The National Rally is now the second largest party in Parliament, after Mr. Macron’s party. Mr. Macron lost his absolute majority and is now trying to find enough lawmakers to pass his bills.

Jean-Yves Camus, co-director of the Observatory of Radical Politics at the Jean-Jaurès Foundation, a center for progressive research, said, “I think Marine Le Pen knows that this is really the last test.”

Mr. Camus said that many voters, even those who might agree with her ideas, still have doubts about her party’s ability. Now, he said, she will try to show that, like other far-right populist parties in Europe, her party can use institutional machinery from the inside instead of railing against it from the outside.

Mr. Olivier said that his party would try to get laws passed on its favorite topics, such as lowering value-added taxes on energy and essential goods, cutting immigration by a lot, and giving police more power. But he said that his party would not be a “troublemaker” and would instead be “a constructive opposition.”

He said, “If Macron comes up with a bill about nuclear power, we will vote for it.” “We will look at a bill if it moves in the right direction.”

Ms. Le Pen has been working on a long-term plan to make her party less scary and get more people to vote for it. Since she lost to Mr. Macron in 2017, she has been trying to improve her reputation and change the way people think about her party, which used to be known for being extremist.

Many of the new far-right lawmakers got their start in politics during this time of change. They learned the ropes as city councilors or parliamentary assistants, where they tried to appear serious and break with the party’s longtime leaders, who were often linked to anti-Semitism and xenophobia.

“A little bit of new blood and some new faces won’t hurt,” Bryan Masson, who won a seat in the southern French region of Alpes-Maritimes, told BFM TV last Monday. After a decade of working for the National Rally, first as the leader of its local youth branch and then as a regional councilor, he became one of Parliament’s youngest members at age 25.

Ms. Le Pen has also given up ideas that turned off most voters, like a plan to leave the eurozone. This helped her get 41.5 percent of the vote in April’s presidential election, an increase of eight points from 2017.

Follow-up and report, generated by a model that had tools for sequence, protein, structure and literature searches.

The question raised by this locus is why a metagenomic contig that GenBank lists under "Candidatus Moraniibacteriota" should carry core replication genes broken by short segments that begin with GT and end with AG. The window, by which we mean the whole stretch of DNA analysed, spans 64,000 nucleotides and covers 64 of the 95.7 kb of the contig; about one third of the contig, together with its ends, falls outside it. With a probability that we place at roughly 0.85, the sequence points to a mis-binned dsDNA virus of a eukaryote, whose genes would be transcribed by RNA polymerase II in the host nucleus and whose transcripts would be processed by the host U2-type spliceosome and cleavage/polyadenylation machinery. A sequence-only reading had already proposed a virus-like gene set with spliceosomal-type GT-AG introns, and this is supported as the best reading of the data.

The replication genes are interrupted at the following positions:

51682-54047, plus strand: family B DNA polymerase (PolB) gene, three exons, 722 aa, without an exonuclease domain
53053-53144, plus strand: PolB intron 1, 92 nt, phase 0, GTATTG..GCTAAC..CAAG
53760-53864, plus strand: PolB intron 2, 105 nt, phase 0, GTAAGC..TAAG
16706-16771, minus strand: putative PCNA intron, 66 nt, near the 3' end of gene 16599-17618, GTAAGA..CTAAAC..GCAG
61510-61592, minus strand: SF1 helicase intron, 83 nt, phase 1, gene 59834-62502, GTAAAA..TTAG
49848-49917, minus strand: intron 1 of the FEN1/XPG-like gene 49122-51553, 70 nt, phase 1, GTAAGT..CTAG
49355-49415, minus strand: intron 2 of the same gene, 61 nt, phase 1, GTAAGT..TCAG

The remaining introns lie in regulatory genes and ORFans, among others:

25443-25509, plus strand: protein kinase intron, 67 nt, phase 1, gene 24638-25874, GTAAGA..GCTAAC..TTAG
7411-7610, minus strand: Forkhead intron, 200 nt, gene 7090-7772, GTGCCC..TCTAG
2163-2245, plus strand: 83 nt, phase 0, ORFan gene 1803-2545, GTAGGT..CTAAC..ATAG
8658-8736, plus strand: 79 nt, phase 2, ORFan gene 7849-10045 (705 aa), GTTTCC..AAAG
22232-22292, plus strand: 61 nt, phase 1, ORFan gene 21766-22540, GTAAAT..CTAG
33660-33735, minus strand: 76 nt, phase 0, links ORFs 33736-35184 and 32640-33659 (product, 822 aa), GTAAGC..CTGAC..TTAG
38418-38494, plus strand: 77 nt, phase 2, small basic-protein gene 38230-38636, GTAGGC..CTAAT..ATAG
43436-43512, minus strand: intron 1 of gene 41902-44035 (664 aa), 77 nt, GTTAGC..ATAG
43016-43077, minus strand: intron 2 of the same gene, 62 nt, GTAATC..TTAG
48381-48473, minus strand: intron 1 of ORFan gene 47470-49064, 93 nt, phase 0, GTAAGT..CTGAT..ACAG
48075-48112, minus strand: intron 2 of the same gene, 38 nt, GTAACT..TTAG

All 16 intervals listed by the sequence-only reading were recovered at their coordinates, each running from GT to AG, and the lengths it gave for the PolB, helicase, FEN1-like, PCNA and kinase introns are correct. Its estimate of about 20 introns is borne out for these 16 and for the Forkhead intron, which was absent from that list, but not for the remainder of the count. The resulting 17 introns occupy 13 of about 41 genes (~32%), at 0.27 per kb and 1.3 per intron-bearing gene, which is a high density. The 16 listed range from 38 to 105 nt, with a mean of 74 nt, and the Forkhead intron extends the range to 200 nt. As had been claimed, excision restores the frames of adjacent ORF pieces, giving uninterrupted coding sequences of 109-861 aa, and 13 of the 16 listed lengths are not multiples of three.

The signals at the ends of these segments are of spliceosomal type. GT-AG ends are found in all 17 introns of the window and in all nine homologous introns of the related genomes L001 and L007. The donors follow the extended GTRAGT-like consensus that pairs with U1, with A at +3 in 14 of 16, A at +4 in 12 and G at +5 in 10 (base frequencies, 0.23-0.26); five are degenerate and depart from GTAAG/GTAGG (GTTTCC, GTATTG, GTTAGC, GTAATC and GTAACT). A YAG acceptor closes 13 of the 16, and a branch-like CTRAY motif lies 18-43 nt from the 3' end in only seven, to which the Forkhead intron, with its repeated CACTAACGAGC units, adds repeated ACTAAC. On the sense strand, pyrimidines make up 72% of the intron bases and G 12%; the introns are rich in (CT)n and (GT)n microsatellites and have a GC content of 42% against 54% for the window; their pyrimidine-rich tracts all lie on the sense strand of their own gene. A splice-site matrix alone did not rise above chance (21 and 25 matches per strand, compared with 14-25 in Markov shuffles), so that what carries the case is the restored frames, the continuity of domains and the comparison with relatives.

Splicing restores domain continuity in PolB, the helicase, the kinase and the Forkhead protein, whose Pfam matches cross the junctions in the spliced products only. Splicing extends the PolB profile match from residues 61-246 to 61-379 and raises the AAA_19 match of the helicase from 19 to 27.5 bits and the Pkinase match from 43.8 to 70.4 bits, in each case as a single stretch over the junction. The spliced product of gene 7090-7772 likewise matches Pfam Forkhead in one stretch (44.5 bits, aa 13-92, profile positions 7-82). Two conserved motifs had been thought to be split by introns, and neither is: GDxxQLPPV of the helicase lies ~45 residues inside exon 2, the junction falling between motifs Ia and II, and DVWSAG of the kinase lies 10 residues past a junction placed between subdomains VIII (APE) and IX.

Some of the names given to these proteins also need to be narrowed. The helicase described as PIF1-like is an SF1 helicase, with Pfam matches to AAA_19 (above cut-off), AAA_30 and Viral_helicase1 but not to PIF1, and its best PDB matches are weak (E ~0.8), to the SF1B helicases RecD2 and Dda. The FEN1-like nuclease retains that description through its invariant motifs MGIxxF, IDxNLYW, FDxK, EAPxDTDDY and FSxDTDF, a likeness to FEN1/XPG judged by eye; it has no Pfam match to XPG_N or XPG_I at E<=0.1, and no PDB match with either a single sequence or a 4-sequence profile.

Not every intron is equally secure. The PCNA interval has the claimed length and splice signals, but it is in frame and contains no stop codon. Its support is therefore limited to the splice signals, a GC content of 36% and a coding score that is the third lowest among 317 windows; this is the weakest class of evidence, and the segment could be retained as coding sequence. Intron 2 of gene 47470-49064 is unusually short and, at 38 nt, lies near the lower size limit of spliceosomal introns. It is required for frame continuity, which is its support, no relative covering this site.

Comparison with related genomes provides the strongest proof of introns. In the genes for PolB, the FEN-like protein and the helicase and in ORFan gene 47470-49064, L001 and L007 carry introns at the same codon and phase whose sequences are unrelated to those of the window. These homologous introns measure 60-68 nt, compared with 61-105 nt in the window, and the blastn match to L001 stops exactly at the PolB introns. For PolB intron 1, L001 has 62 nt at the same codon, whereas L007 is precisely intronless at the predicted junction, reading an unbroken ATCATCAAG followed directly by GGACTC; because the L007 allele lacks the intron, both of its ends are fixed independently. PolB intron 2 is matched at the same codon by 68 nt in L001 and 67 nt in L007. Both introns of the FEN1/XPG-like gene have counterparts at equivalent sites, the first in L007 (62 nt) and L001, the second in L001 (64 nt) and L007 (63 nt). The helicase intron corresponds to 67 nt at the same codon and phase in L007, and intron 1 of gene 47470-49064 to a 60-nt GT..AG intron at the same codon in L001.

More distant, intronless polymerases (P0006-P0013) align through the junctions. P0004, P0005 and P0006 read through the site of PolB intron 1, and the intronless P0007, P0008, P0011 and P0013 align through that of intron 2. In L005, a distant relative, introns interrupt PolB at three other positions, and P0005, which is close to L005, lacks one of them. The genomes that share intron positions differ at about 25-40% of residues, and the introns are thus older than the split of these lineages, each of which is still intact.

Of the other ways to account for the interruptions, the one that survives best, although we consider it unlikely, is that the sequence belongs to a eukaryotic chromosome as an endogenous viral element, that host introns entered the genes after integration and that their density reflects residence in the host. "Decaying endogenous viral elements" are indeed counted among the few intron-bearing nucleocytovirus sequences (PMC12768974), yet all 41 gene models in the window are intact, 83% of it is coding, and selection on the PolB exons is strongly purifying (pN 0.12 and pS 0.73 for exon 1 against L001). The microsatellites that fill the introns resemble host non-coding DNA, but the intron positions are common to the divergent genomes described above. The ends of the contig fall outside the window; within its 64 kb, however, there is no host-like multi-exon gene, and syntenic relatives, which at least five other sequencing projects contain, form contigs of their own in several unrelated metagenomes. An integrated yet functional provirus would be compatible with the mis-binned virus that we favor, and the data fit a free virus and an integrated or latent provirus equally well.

That wasn’t enough to beat Macron, who called for a “republican front.” This is a long-standing strategy in which voters from the middle of the political spectrum put aside their differences to vote for anyone but the far right in runoff elections.

In the past few years, however, this front has been getting weaker, and last week it seemed to fall apart. This is because French politics are becoming more divided into three strongly opposed groups: Mr. Macron’s broad, pro-globalization center, the far right, and Jean-Luc Mélenchon’s party, France Unbowed, which is on the far left.

Last year, in Paris, refugees waited for a non-profit group to give them emergency housing. The far right wants to cut taxes on energy and other necessities, cut immigration by a lot, and give police more power.

Last weekend, the National Rally won half of its runoff matches against candidates from a coalition of parties that support Mr. Macron. In the last legislative elections, less than one in ten of these matches were won by the National Rally.

Many in Mr. Macron’s party put the far right and Mr. Mélenchon’s leftist coalition on almost the same level, saying that they were both extreme. This is why, according to a recent poll, half of the president’s supporters didn’t vote in runoffs between the National Rally and the left.

In the same way, the left-wing alliance said that “not a single vote” should go to the far right, but it did not encourage voters to support Mr. Macron’s alliance, so many of its supporters stayed home.

Gilles Ivaldi, who works at the Center for Political Research at Sciences Po in Paris, said that the far right had ridden the wave of anger against Mr. Macron’s pro-business policies and what was seen as his arrogance, since most voters wanted to punish the president.

“These legislative elections looked a lot like midterms,” he said, even though they were held less than two months after Macron was re-elected.

Analysts say that the National Rally’s new seat in Parliament is a double-edged sword.

Mr. Camus said that Ms. Le Pen has to find a way to “be almost completely normalized while still being transgressive.” This is because her party is now fully part of a political system that it had long criticized as inefficient and corrupt.

“The fact that they were against the establishment is what brought people to the National Rally,” he said.

Now, they are at the center of the business.

On Wednesday, in Paris, lawmakers from the far-right National Rally party went to the National Assembly.